Tony became really excited because he realized he would be able to choose trainers, just like his big brothers.

Fundraising, walking, prosthetics, family
Fundraising, walking, prosthetics, family

We got the new prosthetics fitted, but then the pandemic hit, and because of lockdown, we weren't able to go back for any further fittings or physiotherapy. We were practicing a little bit of walking at home, but then Tony started noticing Captain Sir Thomas Moore on TV. "Captain Tom" as he is affectionately known, is the 100-year-old war veteran who is now famous for raising $43million (£32.7million) for Britain's NHS after walking 100 lengths of his garden.

Tony has such a fascination with the older generation and he has so much time for them. If we're out in the park he'll always make a real effort to talk to older people, and he just became really captivated by Captain Tom.

At the time, Tony was using a frame similar to the one Captain Tom uses, and he kept saying that he could walk just like Captain Tom. He was really encouraged, so we started walking up and down the drive using the frame.

Tony then wanted to try crutches, and so on May 19 he started walking with crutches. To push the whole family, I suggested we set ourselves a challenge. I decided we would walk 300 meters with Tony every day for the month of June, completing 6 miles (10km) in total, and see how much he could improve his walking.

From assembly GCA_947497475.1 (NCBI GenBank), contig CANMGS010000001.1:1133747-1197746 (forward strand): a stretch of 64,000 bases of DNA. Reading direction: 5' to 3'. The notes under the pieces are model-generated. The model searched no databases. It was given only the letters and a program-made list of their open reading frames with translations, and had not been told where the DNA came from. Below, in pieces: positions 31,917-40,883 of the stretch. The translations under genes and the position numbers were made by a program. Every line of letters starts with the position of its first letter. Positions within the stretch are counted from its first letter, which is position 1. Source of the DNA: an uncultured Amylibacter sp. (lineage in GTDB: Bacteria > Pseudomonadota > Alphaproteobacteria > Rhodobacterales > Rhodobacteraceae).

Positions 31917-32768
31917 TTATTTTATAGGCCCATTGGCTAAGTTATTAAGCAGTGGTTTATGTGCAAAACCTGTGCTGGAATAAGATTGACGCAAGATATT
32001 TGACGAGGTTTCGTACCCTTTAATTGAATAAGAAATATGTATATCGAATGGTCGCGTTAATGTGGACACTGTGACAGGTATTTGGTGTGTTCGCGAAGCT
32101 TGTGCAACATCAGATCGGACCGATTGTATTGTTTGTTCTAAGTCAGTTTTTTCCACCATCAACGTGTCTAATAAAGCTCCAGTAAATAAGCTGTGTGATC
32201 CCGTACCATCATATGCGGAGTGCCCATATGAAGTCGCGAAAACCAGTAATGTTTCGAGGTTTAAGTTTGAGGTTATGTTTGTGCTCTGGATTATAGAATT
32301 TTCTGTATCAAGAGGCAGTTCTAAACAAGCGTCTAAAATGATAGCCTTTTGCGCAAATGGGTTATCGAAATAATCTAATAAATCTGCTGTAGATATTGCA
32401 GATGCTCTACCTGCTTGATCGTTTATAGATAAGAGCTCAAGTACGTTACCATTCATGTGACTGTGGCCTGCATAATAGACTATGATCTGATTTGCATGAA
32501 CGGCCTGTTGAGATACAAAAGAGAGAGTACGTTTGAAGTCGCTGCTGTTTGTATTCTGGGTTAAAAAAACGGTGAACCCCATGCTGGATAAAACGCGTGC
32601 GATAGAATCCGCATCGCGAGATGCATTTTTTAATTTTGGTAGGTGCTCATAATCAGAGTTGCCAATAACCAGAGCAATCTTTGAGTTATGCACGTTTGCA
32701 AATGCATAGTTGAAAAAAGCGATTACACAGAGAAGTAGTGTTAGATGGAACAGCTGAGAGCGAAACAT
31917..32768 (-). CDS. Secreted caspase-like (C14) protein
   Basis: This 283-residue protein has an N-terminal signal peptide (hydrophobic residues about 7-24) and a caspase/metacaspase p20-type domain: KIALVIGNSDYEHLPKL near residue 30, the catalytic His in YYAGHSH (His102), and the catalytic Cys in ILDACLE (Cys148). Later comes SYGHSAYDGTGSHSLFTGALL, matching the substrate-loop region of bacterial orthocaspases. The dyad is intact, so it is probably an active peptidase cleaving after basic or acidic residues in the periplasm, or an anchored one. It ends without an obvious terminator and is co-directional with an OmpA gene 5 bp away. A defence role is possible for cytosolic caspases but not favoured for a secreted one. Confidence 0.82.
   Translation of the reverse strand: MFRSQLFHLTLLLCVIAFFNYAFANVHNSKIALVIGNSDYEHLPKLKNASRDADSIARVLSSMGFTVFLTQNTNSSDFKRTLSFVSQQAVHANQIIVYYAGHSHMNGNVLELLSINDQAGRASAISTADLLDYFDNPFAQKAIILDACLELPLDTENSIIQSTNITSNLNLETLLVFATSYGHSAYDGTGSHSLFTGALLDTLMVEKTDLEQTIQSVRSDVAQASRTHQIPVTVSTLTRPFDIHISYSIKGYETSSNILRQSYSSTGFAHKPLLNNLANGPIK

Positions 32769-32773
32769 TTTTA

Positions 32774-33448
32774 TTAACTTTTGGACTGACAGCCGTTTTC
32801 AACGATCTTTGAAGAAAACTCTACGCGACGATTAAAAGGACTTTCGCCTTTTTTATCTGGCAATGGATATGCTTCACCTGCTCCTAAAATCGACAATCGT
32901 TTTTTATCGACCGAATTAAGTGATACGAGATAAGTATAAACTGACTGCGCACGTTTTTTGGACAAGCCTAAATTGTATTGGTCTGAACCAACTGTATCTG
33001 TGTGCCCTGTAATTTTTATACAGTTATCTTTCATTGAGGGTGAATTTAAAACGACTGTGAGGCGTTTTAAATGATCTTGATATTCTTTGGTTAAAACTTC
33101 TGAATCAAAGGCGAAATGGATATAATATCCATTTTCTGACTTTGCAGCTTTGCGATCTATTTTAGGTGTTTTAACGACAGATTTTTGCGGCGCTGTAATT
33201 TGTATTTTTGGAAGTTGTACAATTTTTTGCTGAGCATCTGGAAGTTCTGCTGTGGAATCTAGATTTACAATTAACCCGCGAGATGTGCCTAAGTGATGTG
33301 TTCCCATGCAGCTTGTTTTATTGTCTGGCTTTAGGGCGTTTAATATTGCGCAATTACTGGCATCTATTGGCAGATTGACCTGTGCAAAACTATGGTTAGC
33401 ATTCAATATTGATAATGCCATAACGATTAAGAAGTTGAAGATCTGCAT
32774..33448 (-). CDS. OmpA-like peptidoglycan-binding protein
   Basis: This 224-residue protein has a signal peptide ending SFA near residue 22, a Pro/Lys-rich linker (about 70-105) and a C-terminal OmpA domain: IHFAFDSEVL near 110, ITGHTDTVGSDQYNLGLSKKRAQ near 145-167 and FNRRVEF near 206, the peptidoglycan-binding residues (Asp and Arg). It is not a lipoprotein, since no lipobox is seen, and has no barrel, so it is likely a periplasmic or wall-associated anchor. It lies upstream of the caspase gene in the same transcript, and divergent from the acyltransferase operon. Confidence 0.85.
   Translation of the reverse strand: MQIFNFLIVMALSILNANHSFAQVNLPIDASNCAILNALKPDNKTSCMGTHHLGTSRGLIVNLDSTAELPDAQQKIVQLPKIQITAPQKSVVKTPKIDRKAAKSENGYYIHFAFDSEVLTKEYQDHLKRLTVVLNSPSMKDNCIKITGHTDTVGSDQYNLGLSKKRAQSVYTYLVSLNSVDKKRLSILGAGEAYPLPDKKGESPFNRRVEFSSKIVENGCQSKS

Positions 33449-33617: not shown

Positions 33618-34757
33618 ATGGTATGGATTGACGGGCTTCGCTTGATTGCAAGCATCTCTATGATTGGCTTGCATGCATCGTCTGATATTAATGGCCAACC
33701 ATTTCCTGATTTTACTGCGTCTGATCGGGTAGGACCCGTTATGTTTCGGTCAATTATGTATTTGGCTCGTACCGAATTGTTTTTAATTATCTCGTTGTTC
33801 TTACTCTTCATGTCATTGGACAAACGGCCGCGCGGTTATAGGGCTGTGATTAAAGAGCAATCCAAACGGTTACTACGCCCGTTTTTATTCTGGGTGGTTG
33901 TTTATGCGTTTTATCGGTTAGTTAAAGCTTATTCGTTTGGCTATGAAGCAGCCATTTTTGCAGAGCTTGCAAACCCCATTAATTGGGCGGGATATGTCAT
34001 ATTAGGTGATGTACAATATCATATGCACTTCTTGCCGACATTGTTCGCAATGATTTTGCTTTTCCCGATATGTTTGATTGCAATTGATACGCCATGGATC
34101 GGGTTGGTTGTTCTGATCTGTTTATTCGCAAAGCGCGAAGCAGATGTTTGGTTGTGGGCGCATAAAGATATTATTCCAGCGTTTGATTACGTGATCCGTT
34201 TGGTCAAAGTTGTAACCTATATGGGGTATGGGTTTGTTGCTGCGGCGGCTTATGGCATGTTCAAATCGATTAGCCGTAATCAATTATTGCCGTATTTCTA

Fundraising, prosthetics, heroes, children
Tony Hudgell is five-years-old and has fundraised $1.6million for Everlina London Children's Hospital. Tony and his family decided to walk 10km over the month of June, walking 300 meters a day so Tony could practice walking using his new prosthetic legs. Paula Hudgell

We decided at the same time that we'd set up a fundraiser online for Evelina London, as they did so much for Tony. But we were happy just to raise as much as we could within our community. Friends and family donated and sent words of encouragement—Tony knew he'd been sponsored and he had to keep going. We would jokingly tell him he would have to pay it all back if he gave up!

We have a lovely big green close by, and the distance from the start of the green to the local postbox is 300 meters—so we knew we could reach 10km over the 30 days of June. It was amazing to see that Tony's walking improved dramatically within the first week, and after a few days local people were coming out and cheering Tony on every day. He was so encouraged.